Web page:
his quest for additional work, in February 2015, Clyne
emailed Richard Patterson, a former IBM colleague. Epstein
First Decl. Ex. X. Patterson is the General Manager for GTS
Infrastructure Services for IBM's GTS Division.
See Stewart First Decl. Ex. 217. Clyne hired
Patterson thirty years earlier but had not spoken to him for
about twenty years. Clyne Dep./Epstein First Decl. 195:3-11.
email, Clyne told Patterson that he had negotiated software
contracts at "GTS' American Express Account for 11
years now." Epstein First Decl. Ex. X at 1 (noting this
occurred for IBM from 2004 to 2010, for American Express from
2010 to 2014, and then again for IBM from February 2014 to
the present). He suggested that GTS was not "achieving
anywhere near what it could if it skillfully negotiated and
effectively managed the negotiating process, for software
agreements, at its SO accounts." Id. Clyne
opined there were "profound" possibilities for
dramatically reducing overall delivery costs. Id. He
noted that he had an open PO with IBM at the American Express
account today, but it was limited in hours and "further
restricted in its use due to the cost reduction measures
currently applicable to contractors." Id. He
told Patterson that Cohen was his assigned IBM manager.
Id. Clyne summarized his achievements for IBM in the
prior year and offered to discuss an approach that would be,
"considering the above, " of no risk to IBM.
Id. He asked Patterson to meet him in person at
Patterson's convenience to discuss. Id. In a
post-script, he added that he did not believe it best for
Patterson to share the email with IBM Procurement until after
the two had met. Id. at 2.
understood Clyne's email as "reach[ing] out
regarding work he was doing at American Express, and an
opportunity . . . to apply what he had done at American
Express more broadly for GTS." Stewart First Decl. Ex. I
("Patterson Dep.") 16:25-17:5. Patterson wrote back
to Clyne, stating he would be glad to have a conversation and
further, that he knew that the "GTS team at AMEX saw
value in the role you played." Stewart First Decl. Ex.
212. He suggested talking on the phone. Id.
and Clyne spoke on February 18, 2015. Clyne Dep./Epstein
First Decl. 209:25-210:5; Stewart First Decl. Ex. 219 at 2.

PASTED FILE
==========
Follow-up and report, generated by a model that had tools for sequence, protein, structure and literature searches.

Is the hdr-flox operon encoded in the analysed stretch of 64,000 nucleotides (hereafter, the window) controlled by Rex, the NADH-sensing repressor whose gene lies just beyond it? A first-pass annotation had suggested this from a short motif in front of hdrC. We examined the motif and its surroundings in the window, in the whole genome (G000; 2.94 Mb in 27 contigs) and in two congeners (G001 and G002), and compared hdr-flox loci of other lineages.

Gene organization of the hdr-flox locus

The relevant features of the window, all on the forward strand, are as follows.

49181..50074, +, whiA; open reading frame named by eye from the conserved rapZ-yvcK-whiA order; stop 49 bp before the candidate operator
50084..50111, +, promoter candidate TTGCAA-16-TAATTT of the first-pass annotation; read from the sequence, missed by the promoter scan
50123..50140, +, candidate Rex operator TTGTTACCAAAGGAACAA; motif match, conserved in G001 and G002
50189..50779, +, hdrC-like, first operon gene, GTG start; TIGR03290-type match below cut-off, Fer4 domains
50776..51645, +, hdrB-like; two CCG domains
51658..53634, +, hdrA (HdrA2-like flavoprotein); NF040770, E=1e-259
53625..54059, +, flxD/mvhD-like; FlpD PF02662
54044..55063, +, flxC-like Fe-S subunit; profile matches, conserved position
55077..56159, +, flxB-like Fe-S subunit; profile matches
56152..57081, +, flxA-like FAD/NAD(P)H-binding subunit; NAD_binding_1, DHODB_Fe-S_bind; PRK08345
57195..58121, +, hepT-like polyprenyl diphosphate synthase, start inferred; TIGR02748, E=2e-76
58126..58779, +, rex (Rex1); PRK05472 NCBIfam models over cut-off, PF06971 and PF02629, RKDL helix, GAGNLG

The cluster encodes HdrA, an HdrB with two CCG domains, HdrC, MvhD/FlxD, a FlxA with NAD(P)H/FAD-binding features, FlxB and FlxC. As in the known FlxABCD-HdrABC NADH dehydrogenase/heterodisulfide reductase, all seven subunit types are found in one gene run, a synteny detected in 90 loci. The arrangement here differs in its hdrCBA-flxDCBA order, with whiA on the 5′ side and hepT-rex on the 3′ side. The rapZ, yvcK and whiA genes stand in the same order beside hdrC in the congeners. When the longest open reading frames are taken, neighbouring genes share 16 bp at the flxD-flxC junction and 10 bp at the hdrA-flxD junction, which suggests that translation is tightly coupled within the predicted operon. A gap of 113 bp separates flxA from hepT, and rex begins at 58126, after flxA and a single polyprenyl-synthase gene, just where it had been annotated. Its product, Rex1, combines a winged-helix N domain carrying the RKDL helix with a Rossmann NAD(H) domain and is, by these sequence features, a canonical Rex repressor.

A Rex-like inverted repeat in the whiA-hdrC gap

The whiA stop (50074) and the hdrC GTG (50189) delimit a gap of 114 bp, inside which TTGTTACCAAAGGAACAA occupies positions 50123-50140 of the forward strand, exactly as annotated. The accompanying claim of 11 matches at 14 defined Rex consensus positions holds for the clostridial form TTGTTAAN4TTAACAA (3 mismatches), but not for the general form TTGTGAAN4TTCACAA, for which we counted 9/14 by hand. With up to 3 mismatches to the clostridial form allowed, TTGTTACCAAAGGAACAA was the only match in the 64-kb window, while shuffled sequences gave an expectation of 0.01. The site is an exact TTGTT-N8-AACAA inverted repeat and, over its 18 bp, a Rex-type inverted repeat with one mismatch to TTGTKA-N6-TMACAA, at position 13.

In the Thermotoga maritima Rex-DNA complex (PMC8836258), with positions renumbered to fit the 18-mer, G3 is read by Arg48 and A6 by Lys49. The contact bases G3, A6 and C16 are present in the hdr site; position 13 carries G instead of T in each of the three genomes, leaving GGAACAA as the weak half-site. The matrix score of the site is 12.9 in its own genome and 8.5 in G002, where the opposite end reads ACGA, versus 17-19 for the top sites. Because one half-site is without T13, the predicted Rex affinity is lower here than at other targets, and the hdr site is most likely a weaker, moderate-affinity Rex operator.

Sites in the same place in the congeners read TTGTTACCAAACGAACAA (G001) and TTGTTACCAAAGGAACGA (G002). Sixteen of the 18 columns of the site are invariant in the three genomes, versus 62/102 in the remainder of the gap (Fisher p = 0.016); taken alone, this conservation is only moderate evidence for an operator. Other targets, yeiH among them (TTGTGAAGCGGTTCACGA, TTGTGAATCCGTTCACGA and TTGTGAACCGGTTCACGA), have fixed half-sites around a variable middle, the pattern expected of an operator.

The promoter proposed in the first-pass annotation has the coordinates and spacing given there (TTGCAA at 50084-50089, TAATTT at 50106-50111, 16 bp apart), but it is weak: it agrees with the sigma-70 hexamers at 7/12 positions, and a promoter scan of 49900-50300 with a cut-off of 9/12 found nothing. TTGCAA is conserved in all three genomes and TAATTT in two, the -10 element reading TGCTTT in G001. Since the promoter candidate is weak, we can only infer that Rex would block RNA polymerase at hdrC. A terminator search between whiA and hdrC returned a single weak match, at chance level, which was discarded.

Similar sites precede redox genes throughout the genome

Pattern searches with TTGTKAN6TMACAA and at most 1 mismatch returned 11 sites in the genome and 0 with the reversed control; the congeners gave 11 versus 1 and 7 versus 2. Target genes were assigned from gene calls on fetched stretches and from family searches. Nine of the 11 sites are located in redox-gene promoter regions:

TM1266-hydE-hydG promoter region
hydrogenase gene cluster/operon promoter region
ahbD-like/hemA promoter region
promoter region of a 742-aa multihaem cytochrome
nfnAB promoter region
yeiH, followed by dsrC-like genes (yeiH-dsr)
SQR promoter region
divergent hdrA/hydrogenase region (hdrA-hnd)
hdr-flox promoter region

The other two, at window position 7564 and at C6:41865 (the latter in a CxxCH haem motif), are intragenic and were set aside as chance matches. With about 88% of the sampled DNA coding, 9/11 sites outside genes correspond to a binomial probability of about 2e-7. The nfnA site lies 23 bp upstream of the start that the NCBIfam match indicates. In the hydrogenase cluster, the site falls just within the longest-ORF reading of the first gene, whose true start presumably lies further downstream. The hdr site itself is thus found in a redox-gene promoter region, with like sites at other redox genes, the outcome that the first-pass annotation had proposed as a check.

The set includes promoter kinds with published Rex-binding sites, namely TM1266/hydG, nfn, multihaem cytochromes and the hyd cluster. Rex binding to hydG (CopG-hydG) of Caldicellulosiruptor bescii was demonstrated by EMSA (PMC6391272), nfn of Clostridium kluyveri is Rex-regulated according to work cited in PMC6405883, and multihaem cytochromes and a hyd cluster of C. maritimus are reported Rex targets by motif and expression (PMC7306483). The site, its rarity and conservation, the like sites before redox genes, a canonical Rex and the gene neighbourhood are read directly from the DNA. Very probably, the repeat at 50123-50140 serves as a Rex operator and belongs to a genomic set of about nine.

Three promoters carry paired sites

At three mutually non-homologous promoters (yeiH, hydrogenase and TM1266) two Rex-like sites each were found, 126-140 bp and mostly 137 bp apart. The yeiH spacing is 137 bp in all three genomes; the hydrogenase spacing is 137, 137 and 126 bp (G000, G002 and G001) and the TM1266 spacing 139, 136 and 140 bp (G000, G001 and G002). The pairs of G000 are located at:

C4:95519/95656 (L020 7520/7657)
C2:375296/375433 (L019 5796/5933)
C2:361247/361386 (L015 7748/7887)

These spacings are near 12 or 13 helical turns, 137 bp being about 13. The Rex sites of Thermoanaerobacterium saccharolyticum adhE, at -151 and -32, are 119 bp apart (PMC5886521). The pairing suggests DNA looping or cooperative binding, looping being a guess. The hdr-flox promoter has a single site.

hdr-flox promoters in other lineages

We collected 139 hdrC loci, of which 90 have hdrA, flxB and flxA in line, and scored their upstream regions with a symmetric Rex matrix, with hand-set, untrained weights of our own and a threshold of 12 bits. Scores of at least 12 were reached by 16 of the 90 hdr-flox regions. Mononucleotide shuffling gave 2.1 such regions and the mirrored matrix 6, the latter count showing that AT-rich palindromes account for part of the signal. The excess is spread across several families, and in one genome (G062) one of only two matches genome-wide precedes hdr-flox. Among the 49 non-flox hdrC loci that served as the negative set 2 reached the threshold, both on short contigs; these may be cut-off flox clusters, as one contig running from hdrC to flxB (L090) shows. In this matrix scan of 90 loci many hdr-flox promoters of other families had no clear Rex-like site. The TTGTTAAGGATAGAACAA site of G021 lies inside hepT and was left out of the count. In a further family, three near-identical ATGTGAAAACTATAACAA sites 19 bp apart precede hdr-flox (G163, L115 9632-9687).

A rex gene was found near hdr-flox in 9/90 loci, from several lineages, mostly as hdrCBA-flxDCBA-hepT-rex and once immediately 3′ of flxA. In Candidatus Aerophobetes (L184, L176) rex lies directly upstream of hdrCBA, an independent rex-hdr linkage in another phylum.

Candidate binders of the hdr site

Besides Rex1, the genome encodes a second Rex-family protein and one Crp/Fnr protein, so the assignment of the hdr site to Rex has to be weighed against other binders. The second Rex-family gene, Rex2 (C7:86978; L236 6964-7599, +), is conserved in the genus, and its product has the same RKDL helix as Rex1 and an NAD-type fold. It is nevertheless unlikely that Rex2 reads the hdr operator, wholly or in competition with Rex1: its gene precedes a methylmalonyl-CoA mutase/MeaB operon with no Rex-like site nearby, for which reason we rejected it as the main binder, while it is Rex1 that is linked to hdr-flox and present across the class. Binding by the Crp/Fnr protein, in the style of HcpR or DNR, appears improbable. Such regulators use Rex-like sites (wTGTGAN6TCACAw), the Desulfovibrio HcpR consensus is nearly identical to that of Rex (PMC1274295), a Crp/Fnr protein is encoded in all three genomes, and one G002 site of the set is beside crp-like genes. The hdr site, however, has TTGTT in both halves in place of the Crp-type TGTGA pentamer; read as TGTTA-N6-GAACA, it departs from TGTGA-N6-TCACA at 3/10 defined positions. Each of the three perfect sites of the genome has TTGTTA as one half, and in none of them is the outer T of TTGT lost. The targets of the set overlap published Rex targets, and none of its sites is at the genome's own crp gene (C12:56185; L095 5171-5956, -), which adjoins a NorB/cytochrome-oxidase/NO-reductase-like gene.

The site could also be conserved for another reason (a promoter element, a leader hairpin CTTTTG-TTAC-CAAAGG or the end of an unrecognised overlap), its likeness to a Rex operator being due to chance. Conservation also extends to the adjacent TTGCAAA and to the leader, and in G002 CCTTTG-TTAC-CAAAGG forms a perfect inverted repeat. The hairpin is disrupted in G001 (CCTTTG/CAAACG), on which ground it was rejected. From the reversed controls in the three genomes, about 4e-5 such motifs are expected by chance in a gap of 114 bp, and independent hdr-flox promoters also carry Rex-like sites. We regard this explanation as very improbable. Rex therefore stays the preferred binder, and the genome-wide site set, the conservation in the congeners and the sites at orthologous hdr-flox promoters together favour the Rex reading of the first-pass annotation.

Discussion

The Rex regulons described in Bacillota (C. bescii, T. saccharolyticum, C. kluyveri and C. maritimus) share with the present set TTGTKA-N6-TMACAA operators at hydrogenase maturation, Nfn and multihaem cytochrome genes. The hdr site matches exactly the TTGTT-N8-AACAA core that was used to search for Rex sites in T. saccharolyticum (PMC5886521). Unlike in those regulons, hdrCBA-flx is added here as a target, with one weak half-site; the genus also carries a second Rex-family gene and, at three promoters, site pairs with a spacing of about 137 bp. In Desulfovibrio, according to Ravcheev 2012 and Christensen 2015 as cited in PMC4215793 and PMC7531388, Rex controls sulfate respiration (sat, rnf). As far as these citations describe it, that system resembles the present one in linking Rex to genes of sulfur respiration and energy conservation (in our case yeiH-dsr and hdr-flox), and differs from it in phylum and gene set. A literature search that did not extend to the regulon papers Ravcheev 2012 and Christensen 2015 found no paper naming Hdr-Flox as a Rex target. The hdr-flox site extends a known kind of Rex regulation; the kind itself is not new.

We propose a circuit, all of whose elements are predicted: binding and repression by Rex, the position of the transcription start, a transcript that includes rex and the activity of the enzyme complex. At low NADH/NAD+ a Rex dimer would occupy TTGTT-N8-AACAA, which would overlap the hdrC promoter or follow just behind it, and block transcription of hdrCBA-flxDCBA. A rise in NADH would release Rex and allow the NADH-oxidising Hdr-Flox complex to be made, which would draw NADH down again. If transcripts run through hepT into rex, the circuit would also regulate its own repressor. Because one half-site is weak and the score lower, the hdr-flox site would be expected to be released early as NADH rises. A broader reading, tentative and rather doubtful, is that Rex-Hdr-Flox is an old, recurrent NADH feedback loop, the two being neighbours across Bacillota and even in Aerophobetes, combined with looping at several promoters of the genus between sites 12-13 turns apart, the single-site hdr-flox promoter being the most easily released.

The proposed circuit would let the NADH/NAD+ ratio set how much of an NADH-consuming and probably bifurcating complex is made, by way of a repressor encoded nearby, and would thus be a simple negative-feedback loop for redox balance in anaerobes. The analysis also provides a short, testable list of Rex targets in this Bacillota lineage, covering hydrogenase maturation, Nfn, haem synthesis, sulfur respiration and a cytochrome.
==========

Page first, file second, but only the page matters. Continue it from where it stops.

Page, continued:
Clyne told Patterson that GTS was "leaving money on the
table" in negotiating with software vendors like BMC.
Id. at 207:5-10; see also Epstein First
Decl. Ex. D ("Patterson Dep.") 19:14-18. Clyne told
Patterson he had "hours left on his PO." Patterson
Dep./Epstein First Decl. 19:17-28. They talked about the
opportunity to "apply" Clyne to a "broader set
of software discussions" and not just "to
Amex." Id. at 19:19-21. They discussed
"how to . . . work with [Clyne] on the software
negotiations." Id. at 20:14-17.
and Patterson also spoke about whether there were alternate
ways to pay or "compensate around negotiating software
contracts." Id. at 20:21-25. This included the
possibility of a contingency arrangement. Clyne Dep./Epstein
First Decl. 210:24-25. According to Clyne, Patterson inquired
if Clyne would be willing to perform his services under a
"bounty agreement." Id. at 210:17-20.
Clyne clarified whether Patterson meant a contingency
agreement. Id. at 201:21-25; see also Id.
at 211:2-25. Clyne indicated that he was "heading that
way anyway, which I was, with the no risk[.]"
Id. at 212:2-4. Patterson recalled a conversation
about a contingency fee, but said it was not specific and was
part of a "brainstorming set of conversations."
Patterson Dep./Stewart First Decl. 21:20-25. Because the GTS
Division was looking at alternative ways to save money on
non-labor, the timing was right. Id. at 22:10-23:2.
They discussed "a percentage fee or something around how
to pay for this particular part of negotiating."
Id. at 21:5-8. Patterson did not recall using the
word "bounty fee" but remembered that a contingency
fee was part of the conversation. Id. at 29:4-11.
told Clyne that negotiations for software contracts were not
in his area anymore but he agreed to introduce him to Yvonne
Calo because this was her responsibility. Id. at
19:23-20:2. Calo is IBM's Vice-President of Resiliency
and Infrastructure Delivery within the GTS Division. Calo
Dep./Epstein First Decl. 6:24-7:2; 15:2-7. Software and
hardware as non-labor-related costs were part of her
responsibilities. Patterson Dep./Stewart First Decl. at
20:6-8. Patterson told Clyne that he was confident Clyne
could help out, there were some people he wanted to talk to,
and that he would get back to Clyne within a week. Clyne
Dep./Epstein First Decl. at 209:7-13; 211:8-11.
introduced Clyne and Calo during a February 25, 2015 phone
call. Clyne Dep./Epstein First Decl. 213:3-15. Patterson told
Calo and Clyne during the call that Clyne had had success
with American Express and Patterson thought there was a
"potential opportunity to leverage Rick more broadly in
negotiating, . . . similar contracts for the broader
IBM." Patterson Dep./Stewart First Decl. 65:3-16. After
Patterson said that BMC was "particularly problematic,